Baby Bounce: Clouds

Date presented:  Tuesday, June 9, 2015

When I started in my current position, one of the first story times that I took over was our Baby Bounce session.  We advertise this session for babies from newborn up to 18 months, although in practice our actually ages are more fluid and often include older siblings as well.

For the fall session, I mostly used a previous librarian’s outlines that she had left behind specifically for me.  However, after reading other blogs and experimenting with her outlines, I started making some tweaks and changes of my own.  All told, I put together 42 different baby outlines, utilizing a combination of existing materials and new ideas.  For each theme, I have laminated song cards that have the rhymes/songs that we will be doing that day on one side (including the actions that we do with a song), and the baby sign language that we will be doing on the other.

Since this summer’s theme is “Every Hero Has a Story,” I have been trying to select story time themes that tie in with this theme.  For our first week of summer reading, I stuck with a general superhero theme for my toddler and preschool story times.  For the babies, it was a little more challenging, so I settled on clouds (since many superheroes fly, right?).


I try to start each session with some kind of introduction if I don’t know the babies and parents who are attending.  I have to admit, it’s very informal and I don’t do much to outline rules or guidelines for the story time.  Reading other posts, I know this is an area where I can improve in the future.  Any time we come back from a break, we take time at our first story time session to introduce ourselves and our babies.

Hello Song

We start our baby story times with a welcome song that is different from the one that we use in our other story times.  I inherited this from the previous librarian, and I have stuck with it because it is easy for the parents to remember, and also lets our babies get warmed up to start story time.  It’s also easy for late-coming parents to easily join in with the next verse without feeling out of place.

This is the way we wave hello,

Wave hello, wave hello

This is the way we wave hello

Hello, hello, hello

This is the way we clap hello…

This is the way we tap hello…

This is the way we kiss hello…

Source:  Adapted from Story Time Secrets:

Baby Warm Up

After our welcome song, we continue with our baby warm up.  Originally, I wrote this plan with two warm ups included:  Up, Down, Turn Around and Clap Your Hands.  I thought I would use both; however, I’ve found that usually one is enough for our groups.  If they are particularly wiggly, we will do the warm up twice before we continue on to our next activity.

Up, down, turn around.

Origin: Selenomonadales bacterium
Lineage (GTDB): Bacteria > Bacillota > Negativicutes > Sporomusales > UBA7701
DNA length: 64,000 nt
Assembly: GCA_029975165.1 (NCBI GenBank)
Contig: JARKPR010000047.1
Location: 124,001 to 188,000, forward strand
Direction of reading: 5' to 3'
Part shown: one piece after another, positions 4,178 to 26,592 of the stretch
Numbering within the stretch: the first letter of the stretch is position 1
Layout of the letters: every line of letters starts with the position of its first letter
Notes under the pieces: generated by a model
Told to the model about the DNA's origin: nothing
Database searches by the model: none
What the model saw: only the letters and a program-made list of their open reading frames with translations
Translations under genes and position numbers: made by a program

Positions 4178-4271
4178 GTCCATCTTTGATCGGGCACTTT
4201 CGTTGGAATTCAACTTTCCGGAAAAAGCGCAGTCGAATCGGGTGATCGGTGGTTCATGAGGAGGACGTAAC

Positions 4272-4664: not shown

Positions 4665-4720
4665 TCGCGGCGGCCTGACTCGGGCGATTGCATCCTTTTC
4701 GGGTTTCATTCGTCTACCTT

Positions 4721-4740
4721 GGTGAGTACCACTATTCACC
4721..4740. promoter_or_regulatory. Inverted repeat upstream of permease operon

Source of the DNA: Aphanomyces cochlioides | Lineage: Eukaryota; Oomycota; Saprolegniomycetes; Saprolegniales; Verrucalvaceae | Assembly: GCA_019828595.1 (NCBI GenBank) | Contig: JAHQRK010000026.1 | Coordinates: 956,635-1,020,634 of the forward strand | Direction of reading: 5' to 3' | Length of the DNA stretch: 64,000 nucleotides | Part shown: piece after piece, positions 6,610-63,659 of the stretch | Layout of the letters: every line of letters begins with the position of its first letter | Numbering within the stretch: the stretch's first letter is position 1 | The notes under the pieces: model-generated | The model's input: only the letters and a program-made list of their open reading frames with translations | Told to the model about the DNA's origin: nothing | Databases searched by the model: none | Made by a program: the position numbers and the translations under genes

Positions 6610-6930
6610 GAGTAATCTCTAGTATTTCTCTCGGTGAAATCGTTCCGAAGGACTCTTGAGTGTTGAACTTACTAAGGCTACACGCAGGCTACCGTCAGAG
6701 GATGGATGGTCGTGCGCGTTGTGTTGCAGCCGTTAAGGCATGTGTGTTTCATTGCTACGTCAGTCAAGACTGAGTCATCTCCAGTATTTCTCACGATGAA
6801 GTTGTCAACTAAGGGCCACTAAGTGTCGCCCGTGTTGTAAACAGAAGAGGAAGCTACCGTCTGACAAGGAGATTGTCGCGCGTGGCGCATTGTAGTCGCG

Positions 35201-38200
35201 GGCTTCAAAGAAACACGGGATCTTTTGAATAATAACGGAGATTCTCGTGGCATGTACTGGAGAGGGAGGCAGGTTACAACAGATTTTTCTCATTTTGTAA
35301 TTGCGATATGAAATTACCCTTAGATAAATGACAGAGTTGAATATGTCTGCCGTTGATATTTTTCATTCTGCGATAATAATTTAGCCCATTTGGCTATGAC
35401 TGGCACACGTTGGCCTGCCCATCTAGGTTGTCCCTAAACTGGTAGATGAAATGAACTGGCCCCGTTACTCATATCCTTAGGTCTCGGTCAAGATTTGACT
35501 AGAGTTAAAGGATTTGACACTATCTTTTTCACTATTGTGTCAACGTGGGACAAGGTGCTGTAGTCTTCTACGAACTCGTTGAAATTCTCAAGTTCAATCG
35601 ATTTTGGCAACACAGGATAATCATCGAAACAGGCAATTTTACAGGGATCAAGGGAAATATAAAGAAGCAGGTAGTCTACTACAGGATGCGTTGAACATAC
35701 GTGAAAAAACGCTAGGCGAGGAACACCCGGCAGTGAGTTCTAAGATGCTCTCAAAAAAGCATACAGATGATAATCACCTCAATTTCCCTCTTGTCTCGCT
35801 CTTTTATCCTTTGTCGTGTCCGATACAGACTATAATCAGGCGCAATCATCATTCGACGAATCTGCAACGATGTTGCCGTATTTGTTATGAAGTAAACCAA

Touch the sky.

Touch the ground.

Wiggle fingers, wiggle toes,

Wiggle shoulders.

Say hello!

Source:  Adapted from Miss Sarah’s Storytime:

Glove Puppet with Rattle

I’m not a big puppet person, but we do have an adorable glove puppet of the classic rhyme Hey Diddle Diddle.  Some of my babies get really excited when we bring this out each week.  Again, it’s something that I inherited in the previous outlines, but it’s fun (and easy for the parents to recite along as well), so it’s something that we’ve kept.  I usually make my way around the circle while we recite the rhyme to interact with each of the babies.  We repeat the rhyme twice, going around the circle one way and then the other.

1st Book

Now we’re ready for our first book:  It Looked Like Spilt Milk by Charles Green Shaw.

Songs, Movement, and Rhymes

After a story, our babies are usually ready for a little more movement.  This is when I will hand out the song cards to the parents so that they can sing along, especially if it’s something that they don’t already know.  For this section, I usually plan 3 songs, rhymes, or bounces.  I choose from these based on what I think will work best with a particular group.  For this one, I had planned:  Bumpin’ Up and Down in My Little Red Wagon, Big Round Sun, and Open Them, Shut Them.  We ended up using only two:

Bumpin’ up and down in my little red wagon

Bumpin’ up and down in my little red wagon

Bumpin’ up and down in my little red wagon

Won’t you be my darlin’?

One wheel’s off and the axle’s broken

One wheel’s off and the axle’s broken

One wheel’s off and the axle’s broken

Won’t you be my darlin’?

Source:  Deschutes Public Library:

This one is always a favorite, so we do it as our first song every week.  After that, we moved on to Open Them, Shut Them, which is one of my favorites.  As an added bonus, most of my parents already knew this one!